What is the menopause?
Menopause, also known as ‘the change of life’, marks the end of the monthly cycle of menstruation in a woman’s life. It is a natural occurrence and marks the end of the reproductive years, just as the first menstrual period during puberty marked the start. Most women reach menopause between the ages of 45 and 55, the average being around 51. The decrease in female hormones may lead to a higher risk of osteoporosis and heart disease. For some women, during the transition years the accompanying signs and effects (including lack of energy, hot flashes, and mood changes) can be powerful enough to significantly disrupt their daily activities and sense of well-being. Symptoms of menopause may be managed with lifestyle changes, hormone replacement therapy (HRT) and natural therapies. Speak to your doctor to discuss your symptoms and the best way to manage them.
Symptoms of menopause
Menopause isn’t a bad experience for all women, (in fact there are women that don’t find the symptoms related to menopause bothersome at all) but for some women, menopause symptoms such as hot flushes, night sweats, loss of sex drive, vaginal dryness and stress incontinence can be very distressing. The drop in hormones can also lead to a drop in bone mass, which can make women more vulnerable to conditions such as osteoporosis.
During the menopause transition years the majority of women find that their menstrual periods are gradually becoming more erratic, and the timing of the start of the flow usually becomes more and more difficult to predict. In addition the duration of the flow may be considerably shorter or longer than normal, and the flow itself may be significantly heavier or lighter than was previously the case, including sometimes long episodes of spotting. When oestrogen levels start falling before and during menopause, it can cause a woman to experience a number of other symptoms as well:
- hot flushes
- changes in sex drive
- mood changes, forgetfulness, irritability, lack of self-esteem
- breast tenderness
- crawling or itching sensations under the skin
- tiredness, difficulty sleeping – wakefulness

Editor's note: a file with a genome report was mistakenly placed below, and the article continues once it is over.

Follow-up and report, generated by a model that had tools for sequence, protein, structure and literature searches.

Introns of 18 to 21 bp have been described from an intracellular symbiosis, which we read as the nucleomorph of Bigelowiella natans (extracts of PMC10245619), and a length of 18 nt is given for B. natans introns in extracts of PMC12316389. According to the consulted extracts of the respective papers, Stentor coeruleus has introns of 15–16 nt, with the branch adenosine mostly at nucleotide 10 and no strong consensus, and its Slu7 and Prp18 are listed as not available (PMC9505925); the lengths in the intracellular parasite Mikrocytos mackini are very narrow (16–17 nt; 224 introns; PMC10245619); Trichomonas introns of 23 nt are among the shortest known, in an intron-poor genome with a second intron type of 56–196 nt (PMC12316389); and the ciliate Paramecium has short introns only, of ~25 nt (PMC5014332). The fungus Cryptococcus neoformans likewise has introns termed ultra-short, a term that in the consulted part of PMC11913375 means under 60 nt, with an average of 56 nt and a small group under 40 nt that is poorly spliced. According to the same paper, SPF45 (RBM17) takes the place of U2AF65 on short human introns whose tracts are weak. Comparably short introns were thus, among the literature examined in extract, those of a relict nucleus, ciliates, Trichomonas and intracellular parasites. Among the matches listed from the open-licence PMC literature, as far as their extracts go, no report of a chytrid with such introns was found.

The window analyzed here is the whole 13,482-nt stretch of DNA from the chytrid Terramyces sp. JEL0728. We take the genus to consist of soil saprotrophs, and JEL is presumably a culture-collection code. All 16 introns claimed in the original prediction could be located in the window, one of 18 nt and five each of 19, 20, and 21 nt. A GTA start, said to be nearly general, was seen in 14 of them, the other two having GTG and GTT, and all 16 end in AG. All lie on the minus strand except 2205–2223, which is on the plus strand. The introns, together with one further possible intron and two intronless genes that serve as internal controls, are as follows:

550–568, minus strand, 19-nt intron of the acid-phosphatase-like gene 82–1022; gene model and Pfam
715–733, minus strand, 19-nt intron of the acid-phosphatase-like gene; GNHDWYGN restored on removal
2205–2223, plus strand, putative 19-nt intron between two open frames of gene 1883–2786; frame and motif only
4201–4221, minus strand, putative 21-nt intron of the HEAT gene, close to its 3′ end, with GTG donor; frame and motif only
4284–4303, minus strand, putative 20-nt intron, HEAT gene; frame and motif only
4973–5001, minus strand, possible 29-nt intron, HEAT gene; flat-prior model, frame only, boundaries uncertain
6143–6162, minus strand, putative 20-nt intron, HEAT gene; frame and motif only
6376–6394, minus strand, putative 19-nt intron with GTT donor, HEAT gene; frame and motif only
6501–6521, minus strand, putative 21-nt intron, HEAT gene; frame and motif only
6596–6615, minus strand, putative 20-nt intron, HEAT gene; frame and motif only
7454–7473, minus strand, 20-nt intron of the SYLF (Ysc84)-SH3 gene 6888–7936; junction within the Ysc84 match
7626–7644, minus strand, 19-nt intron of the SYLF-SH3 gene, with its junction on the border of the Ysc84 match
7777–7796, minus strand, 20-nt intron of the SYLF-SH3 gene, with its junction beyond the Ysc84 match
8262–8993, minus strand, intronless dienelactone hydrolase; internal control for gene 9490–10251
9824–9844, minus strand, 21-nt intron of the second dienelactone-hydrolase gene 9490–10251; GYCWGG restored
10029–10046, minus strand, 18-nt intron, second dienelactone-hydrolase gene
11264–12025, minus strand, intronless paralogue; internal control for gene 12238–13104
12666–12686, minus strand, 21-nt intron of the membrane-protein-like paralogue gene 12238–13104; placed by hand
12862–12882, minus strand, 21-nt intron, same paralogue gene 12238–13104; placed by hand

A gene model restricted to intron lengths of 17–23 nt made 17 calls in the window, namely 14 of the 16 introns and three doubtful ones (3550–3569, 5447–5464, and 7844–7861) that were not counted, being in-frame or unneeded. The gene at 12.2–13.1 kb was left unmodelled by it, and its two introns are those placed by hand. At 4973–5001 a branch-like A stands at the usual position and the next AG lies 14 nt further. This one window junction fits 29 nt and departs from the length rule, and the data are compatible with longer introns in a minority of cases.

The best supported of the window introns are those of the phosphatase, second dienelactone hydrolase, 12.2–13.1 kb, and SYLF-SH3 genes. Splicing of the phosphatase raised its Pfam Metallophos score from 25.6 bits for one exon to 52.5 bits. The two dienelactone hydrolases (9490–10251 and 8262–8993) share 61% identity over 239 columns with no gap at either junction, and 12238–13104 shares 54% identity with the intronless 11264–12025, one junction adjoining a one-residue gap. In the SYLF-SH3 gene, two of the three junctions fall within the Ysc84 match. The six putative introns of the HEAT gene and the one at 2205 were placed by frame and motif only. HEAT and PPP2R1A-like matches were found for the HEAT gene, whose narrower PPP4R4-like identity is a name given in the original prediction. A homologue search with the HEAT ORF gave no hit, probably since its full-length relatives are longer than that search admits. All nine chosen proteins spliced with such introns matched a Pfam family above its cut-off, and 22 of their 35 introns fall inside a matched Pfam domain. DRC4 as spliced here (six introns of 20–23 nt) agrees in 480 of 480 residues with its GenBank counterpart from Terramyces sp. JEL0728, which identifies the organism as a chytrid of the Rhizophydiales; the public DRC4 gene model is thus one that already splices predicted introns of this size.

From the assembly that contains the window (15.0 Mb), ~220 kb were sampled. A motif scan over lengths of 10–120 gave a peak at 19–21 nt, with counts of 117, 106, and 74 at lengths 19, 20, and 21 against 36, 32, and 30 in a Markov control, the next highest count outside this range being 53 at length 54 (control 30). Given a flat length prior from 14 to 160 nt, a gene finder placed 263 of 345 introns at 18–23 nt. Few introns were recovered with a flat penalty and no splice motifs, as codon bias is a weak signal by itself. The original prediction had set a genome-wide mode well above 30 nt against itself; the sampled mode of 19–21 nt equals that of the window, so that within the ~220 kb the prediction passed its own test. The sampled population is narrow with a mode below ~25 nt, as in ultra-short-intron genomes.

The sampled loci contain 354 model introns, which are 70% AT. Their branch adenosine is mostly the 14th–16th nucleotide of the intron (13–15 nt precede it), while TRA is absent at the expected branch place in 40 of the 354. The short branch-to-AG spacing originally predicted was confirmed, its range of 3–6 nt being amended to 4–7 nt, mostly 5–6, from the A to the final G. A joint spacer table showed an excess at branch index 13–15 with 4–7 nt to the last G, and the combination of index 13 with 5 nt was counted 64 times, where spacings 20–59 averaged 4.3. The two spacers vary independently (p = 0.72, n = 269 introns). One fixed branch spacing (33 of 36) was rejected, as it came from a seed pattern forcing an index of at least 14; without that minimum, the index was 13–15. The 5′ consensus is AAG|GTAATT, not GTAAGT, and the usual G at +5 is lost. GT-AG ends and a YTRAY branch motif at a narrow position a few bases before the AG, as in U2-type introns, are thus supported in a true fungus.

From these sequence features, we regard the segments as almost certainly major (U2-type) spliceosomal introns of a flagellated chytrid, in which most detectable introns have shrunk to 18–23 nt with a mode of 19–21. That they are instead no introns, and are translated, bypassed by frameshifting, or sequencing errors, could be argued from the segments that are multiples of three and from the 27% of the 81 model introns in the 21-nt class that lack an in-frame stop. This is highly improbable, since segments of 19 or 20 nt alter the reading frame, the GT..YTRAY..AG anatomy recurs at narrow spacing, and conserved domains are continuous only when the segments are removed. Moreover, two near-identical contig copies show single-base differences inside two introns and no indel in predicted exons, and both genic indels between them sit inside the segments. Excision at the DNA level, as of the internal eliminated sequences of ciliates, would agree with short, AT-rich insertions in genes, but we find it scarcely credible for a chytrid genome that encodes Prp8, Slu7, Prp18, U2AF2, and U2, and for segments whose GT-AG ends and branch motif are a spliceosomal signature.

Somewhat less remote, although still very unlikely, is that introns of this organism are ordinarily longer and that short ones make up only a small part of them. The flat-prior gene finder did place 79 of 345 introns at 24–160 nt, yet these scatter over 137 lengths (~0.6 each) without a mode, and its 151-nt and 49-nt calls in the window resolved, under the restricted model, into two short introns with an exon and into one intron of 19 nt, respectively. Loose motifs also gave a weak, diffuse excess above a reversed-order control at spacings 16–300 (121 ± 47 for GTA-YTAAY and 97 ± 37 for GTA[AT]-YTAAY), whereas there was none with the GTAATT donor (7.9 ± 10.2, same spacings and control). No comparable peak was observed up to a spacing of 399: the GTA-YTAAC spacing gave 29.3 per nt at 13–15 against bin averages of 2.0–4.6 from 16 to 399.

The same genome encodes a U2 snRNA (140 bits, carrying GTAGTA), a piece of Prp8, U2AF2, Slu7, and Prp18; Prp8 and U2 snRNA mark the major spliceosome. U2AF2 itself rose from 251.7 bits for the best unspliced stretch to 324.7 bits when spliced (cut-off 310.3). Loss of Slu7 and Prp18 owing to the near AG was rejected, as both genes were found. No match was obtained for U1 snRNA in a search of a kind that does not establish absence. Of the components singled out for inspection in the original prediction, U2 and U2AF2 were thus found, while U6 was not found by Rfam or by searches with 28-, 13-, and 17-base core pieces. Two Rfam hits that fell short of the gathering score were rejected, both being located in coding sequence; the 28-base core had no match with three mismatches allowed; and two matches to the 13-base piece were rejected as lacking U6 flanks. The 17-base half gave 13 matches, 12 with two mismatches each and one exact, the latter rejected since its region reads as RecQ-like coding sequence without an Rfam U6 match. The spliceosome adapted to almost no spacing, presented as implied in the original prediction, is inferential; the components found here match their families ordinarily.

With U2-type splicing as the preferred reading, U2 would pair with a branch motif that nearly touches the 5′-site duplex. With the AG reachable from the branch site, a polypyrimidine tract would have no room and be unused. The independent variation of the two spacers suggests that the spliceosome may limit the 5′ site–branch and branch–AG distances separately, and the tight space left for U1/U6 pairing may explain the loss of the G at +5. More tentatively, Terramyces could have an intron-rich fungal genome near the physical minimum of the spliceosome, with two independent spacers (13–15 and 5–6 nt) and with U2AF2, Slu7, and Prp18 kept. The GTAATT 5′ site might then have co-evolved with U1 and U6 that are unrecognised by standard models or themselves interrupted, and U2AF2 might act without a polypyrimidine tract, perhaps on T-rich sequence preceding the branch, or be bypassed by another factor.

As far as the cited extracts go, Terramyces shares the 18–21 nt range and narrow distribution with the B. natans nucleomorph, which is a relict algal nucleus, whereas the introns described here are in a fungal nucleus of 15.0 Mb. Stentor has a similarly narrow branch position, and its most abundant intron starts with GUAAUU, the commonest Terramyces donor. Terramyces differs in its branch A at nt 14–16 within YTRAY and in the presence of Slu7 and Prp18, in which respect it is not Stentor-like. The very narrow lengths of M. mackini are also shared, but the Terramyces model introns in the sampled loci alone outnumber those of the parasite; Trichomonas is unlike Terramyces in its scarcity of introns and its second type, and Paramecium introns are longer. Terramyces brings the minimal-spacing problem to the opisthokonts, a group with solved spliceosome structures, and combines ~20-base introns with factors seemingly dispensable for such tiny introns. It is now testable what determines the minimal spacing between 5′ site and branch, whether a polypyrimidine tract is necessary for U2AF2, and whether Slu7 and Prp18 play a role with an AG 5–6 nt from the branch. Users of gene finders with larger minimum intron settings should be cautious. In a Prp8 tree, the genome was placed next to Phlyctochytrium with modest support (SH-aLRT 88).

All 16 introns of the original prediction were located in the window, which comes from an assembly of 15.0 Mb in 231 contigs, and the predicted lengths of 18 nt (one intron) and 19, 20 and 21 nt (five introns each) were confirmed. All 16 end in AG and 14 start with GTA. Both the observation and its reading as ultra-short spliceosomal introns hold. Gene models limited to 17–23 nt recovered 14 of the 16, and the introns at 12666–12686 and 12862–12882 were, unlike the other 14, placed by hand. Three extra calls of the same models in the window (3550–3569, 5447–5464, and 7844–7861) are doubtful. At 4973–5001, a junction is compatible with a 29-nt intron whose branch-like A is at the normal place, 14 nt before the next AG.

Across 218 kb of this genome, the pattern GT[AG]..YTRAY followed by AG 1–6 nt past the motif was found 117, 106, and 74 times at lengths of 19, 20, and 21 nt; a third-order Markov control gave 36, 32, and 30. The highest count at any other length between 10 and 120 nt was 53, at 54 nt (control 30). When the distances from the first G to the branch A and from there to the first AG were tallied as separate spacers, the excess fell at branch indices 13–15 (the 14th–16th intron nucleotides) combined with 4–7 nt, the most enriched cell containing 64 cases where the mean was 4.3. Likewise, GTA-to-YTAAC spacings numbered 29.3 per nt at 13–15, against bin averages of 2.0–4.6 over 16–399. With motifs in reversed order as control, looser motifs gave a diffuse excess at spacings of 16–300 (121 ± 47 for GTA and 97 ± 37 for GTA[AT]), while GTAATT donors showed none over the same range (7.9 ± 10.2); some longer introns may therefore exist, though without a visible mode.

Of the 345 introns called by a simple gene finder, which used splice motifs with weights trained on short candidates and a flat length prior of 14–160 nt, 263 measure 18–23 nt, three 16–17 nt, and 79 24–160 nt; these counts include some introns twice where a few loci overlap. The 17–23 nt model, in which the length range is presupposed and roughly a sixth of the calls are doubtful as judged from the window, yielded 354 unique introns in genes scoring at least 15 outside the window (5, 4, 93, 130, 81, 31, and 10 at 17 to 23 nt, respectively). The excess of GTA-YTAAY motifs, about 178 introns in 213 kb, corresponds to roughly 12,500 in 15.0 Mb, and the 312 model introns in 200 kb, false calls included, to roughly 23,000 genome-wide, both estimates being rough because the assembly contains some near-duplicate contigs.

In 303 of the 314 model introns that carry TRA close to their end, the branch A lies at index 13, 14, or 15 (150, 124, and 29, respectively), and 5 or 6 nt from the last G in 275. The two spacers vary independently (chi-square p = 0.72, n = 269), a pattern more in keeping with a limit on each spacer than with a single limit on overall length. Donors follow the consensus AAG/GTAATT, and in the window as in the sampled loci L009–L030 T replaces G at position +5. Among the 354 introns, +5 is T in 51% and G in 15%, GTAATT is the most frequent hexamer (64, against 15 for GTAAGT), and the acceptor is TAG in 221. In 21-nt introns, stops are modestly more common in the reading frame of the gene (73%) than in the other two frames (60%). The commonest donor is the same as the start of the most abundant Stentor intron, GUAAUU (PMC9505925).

- vaginal dryness
- vaginal itching
- night sweats
- loss of bone density
Treatment and management for the menopause
Menopause is not a disease that has a definitive cure or treatment. However, in those cases where the physical, mental, and emotional effects of menopause are strong enough that they significantly disrupt the everyday life of the woman experiencing them, medical therapy may sometimes be appropriate. Taking HRT treatment is intended to reduce the severity of many of these symptoms and to prevent long term health risks such as osteoporosis and cardiovascular disease. Consult with your doctor to discuss whether this treatment is appropriate for you.
Unpleasant symptoms of menopause can often be reduced by improving your lifestyle with a healthy diet and regular exercise. Suggestions for maintaining good health at the time of menopause include:
- eat a wide variety of foods, including plenty of fresh vegetables, fruits, cereals, whole grains and small portions of lean meat, fish or chicken
- increase fluids and eat dairy foods with high calcium content
- decrease caffeine and limit alcohol
- regular exercise (preferably weight bearing) of at least 30–45 minutes on most days of the week
- quit smoking
- pap smear tests and breast screening every two years
Herbal therapies can often be taken in conjunction with hormone therapy. It is important to let both your doctor and naturopath know exactly what each has prescribed, and to consult your doctor before taking any herbal treatments or dietary supplements. Some natural therapies can affect or interact with other medications you may be taking.